A teacher who is a class apart - Founded by a 15-year-old Sikkim girl Chandra Yonzon in 1998

Chandra Yonzon started a school for the under-privileged and has been running it over the years in a quiet Sikkim village.

 A volunteer poses with the schoolchildren

Located in Sikkim, in the lap of Himalayas, is a school like no other. St. Xavier’s School, Tikjuk, with classes till 8th standard, was founded by a 15-year-old girl, Chandra Yonzon, in 1998, who herself was a high school student back then.

“I wanted to educate and help children around me who were not able to study due to their poor financial conditions. Seeing them grappling with poverty, I felt I needed to do something and bring some kind of change. So at the age of 15, I started teaching children in my neighbourhood and the school grew bit by bit. Today, we have a waiting list of children who want to enroll themselves at the school, but we do not have enough resources to take on more responsibilities,” explains Chandra.    

The region is not well connected and things can get tough specially in rains. Small-scale agriculture happens to be the main source of livelihood, which means locals can’t donate money or resources to the school. Despite all such hurdles, Chandra takes care of around 50 children from the age of two to 15 years. “While some students at the school are from under-privileged backgrounds, some are being raised by single parents. The kids who have lost both their parents stay here at the school with me,” she says.

The job requires her to be on call all the time. Every day,  she fulfills the roles of a principal, a teacher, a caretaker and a manager. “But I cannot imagine any other way of life,” she smiles. She runs the school on whatever little contribution she gets at the community level, without any support from the state or central government. “Some other people have also contributed but it always gets difficult with so many children,” she shares.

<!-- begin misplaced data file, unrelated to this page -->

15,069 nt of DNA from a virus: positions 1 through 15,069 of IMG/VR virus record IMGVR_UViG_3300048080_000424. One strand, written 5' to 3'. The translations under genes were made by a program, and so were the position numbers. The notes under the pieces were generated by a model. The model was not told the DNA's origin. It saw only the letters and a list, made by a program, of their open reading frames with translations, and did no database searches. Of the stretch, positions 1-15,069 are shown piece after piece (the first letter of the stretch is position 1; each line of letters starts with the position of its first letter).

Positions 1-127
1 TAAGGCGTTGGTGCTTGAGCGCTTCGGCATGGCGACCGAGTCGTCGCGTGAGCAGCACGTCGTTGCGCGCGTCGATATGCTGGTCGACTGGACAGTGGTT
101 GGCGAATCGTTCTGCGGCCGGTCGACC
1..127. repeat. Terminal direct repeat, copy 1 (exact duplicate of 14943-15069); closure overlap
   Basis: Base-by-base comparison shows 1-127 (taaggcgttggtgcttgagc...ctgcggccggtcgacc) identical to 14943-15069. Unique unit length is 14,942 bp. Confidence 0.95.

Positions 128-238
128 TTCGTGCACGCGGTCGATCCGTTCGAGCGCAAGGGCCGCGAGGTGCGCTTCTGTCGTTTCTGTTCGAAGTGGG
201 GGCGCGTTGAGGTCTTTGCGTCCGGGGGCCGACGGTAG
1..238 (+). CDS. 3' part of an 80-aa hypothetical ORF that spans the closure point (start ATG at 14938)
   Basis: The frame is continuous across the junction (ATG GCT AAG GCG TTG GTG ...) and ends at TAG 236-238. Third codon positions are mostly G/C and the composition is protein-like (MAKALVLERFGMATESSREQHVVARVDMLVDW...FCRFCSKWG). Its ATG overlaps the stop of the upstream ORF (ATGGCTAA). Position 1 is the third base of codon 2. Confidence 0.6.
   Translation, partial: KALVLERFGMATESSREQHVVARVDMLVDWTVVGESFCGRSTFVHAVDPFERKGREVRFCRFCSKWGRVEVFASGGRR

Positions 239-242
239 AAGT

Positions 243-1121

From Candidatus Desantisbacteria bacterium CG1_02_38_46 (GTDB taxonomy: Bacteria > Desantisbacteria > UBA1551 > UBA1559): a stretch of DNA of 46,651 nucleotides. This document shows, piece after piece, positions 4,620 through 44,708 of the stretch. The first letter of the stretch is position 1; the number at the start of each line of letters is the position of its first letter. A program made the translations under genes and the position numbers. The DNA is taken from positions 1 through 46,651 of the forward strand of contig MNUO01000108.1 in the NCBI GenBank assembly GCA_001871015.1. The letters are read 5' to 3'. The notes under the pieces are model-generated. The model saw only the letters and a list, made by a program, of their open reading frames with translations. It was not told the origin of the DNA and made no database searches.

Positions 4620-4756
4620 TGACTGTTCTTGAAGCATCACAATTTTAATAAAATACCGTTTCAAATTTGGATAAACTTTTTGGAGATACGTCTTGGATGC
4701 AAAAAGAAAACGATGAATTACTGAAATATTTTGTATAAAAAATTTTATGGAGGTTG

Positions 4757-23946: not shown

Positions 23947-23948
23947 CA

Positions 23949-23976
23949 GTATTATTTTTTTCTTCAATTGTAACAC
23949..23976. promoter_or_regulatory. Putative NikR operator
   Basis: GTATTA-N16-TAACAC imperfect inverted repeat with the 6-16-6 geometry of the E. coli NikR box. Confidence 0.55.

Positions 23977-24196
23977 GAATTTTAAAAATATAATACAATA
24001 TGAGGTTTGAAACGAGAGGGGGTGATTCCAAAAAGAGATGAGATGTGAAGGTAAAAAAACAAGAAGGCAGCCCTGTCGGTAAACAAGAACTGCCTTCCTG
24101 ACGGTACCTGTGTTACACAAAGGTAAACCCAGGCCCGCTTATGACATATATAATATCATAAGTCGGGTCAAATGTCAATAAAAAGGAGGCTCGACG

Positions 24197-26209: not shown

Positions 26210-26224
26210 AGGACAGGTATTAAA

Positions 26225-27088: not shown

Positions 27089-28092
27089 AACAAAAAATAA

Despite a lack of  resources, Chandra ensures that the children get a good and holistic education. “The children wake up early and we have a number of activities lined up for them. Meditation, dance, music, theatre, sports, painting, computer education are all part of their daily routine, apart from the regular academic classes that they are supposed to attend,” shares Chandra.

While education is well taken care of, the lack of resources is distinctly felt. Half the children do not have books and end up sharing them. They manage with  limited stationary, simple meals and a few pairs of clothes. The library also doesn’t have many books. But Chandra does try to get them treats whenever she can to cheer them up.

Many volunteers come to the school and contribute in their own ways, from helping build a library, to making furniture for the school, painting the walls, teaching the students, etc. “I am ever grateful for their help, and it also puts a big smile on the faces of these children,” says Chandra.

Talking about the teachers at the school, Chandra says, “One has to be devoted to the cause if they want to teach at our school. Otherwise they won’t be able to do this job. Nothing but compassion has to drive them.”

Devoting her life to the school and the children, Chandra hopes the school produces bright and creative minds who can bring a change in the society.  She is trying to raise funds for her school with the help of a few volunteers in the hope of making the lives of these children better.


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